BlackBerry maker Research In Motion took a break from chasing consumer Apple iPhone and iPad sales to do what it does best: Ease the ills of enterprise workers. In its BlackBerry Beta Zone April 8, RIM introduced BlackBerry Mobile Conferencing, a free application that simplifies setting up, accepting and participating in conference calls.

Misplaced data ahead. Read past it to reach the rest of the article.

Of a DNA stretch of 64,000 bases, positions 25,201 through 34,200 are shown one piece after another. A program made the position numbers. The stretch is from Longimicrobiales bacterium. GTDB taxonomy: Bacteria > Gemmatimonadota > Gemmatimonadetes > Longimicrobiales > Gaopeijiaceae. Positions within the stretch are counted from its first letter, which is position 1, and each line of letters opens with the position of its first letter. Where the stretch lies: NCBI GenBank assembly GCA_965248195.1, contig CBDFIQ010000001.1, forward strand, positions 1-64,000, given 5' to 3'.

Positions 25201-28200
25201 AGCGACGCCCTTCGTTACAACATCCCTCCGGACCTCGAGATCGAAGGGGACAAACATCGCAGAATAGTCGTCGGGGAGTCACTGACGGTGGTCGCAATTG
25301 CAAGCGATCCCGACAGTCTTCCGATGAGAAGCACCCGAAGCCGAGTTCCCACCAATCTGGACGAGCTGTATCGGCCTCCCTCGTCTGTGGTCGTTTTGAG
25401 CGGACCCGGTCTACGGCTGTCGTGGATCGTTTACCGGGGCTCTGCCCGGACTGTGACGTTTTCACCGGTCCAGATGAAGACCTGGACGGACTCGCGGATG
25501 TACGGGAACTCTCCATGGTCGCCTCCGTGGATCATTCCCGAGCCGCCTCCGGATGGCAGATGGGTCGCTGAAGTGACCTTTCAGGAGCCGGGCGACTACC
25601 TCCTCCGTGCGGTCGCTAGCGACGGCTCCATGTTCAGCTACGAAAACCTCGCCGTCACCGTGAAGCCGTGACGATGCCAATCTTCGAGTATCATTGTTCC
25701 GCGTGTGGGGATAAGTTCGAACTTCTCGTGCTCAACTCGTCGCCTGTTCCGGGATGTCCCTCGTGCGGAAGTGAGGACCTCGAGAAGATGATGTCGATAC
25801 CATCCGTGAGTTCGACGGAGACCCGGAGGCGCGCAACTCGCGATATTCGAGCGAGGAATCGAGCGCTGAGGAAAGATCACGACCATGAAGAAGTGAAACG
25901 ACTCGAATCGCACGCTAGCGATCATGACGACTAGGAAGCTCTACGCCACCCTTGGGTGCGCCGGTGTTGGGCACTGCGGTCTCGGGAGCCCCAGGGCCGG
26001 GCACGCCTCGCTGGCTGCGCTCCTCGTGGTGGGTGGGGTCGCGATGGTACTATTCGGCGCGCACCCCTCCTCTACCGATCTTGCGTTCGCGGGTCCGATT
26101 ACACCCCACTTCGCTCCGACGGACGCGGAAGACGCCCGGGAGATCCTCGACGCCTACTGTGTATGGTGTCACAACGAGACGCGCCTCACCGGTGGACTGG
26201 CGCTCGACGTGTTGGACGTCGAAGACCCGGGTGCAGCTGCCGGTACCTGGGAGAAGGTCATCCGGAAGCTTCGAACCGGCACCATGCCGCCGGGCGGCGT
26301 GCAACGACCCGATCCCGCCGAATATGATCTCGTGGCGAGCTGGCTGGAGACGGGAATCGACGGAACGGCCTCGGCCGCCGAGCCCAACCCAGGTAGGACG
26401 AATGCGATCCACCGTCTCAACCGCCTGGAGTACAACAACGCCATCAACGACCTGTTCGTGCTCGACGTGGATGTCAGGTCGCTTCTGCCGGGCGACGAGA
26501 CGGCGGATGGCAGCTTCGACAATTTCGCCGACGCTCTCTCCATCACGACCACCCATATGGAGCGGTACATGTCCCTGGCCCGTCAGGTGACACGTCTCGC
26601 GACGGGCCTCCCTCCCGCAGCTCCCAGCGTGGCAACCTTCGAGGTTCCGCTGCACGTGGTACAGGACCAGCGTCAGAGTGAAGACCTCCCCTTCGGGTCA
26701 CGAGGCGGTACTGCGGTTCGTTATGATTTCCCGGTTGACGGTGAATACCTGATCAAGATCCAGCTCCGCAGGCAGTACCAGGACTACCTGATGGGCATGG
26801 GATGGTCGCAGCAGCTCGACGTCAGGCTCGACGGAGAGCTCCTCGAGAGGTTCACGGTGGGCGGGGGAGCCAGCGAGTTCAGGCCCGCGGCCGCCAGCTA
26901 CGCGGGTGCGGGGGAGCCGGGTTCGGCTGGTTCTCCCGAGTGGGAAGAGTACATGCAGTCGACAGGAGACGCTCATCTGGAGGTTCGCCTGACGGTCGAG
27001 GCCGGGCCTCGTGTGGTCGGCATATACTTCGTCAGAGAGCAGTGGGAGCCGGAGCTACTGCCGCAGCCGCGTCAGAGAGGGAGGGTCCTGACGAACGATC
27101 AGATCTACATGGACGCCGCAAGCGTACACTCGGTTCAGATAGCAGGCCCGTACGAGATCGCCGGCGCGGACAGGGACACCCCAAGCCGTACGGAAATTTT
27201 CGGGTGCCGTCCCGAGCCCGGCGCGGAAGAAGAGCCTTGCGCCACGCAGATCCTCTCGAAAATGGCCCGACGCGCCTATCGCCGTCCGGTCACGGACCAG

BlackBerry Mobile Conferencing integrates with a BlackBerry smartphone’s Calendar application; when conference time rolls around, a pop-up window appears, enabling the user to dial in with just a click-instead of having to search for a phone number and paste in an access code.If there are multiple phone numbers in the invitation-for inside or out of the country, say-the application knows which one to use. And should a person be dropped from the call, reconnecting happens with just a click.The app also simplifies the process of setting up a conference call from a BlackBerry, enabling users to “turn almost any meeting invite into a conference call with just a single click,” RIM explained in the Beta Zone. Reservationless or recurring conference information can also be stored to a conference profile on one’s phone, so it can easily be added to meetings scheduled from the device.Finally, the app is also discreet with moderator information, keeping codes hidden from conference attendees.Interested BlackBerry owners can find the app listed under “Eligible Programs” in their Beta Zone account. It just requires BlackBerry OS 5 or higher.Likely another helpful enterprise tool-should it ever arrive-is the BlackBerry PlayBook, RIM’s promised contribution to the tablet fray. Introduced in September 2010, the tablet was, after a few delays, expected to be just days away-on March 11, Boy Genius Report picked up a newsletter from a Canadian Sears Affiliate Program announcing to members that the PlayBook would be available for preorder March 12 and begin shipping April 10.At the CTIA Wireless event March 23, RIM put an end to the rumors, announcing that the PlayBook would begin shipping in the United States and Canada April 19, starting at $499. During the company’s earnings call the next day, co-CEO Jim Balsillie said the most important thing was to get the PlayBook out as soon as possible, “but to make sure it’s stable.” By April 19, he believed that would be the case.Plus, he added, “it’s got a great over-the-air utility for upgrading … it’s got so many things that future-proof it. … It’s a winner, it’s such a winner.”According to a new report from Taiwan-based DigiTimes, however, the PlayBook may already be losing out to the Apple iPad. According to an April 7 report, RIM is being forced to delay the PlayBook because Apple, churning out iPad 2 tablets, is using up all of the appropriate manufacturers’ touch-panel capacity.”Sources from touch-screen panel makers also pointed out that PlayBook shipments were postponed for about a month from the original schedule due to a delay in software testing,” the site reported, “as well as shortage of touch panels because Apple already booked up most of the available capacity.”Apple is estimated to have sold one million iPad 2s on the device’s debut weekend, and on March 25 began selling the tablet in an additional 25 countries.RIM has invested heavily in the PlayBook and has a good deal riding on its success. Its earnings guidance for the first quarter of fiscal 2012 was lower than Wall Street expected-and again due to the PlayBook.”We’re investing in opening up a new category, bringing in a new platform. This is no time for half measures,” Balsillie said during the call. “This is a time of enormous investment and transition.”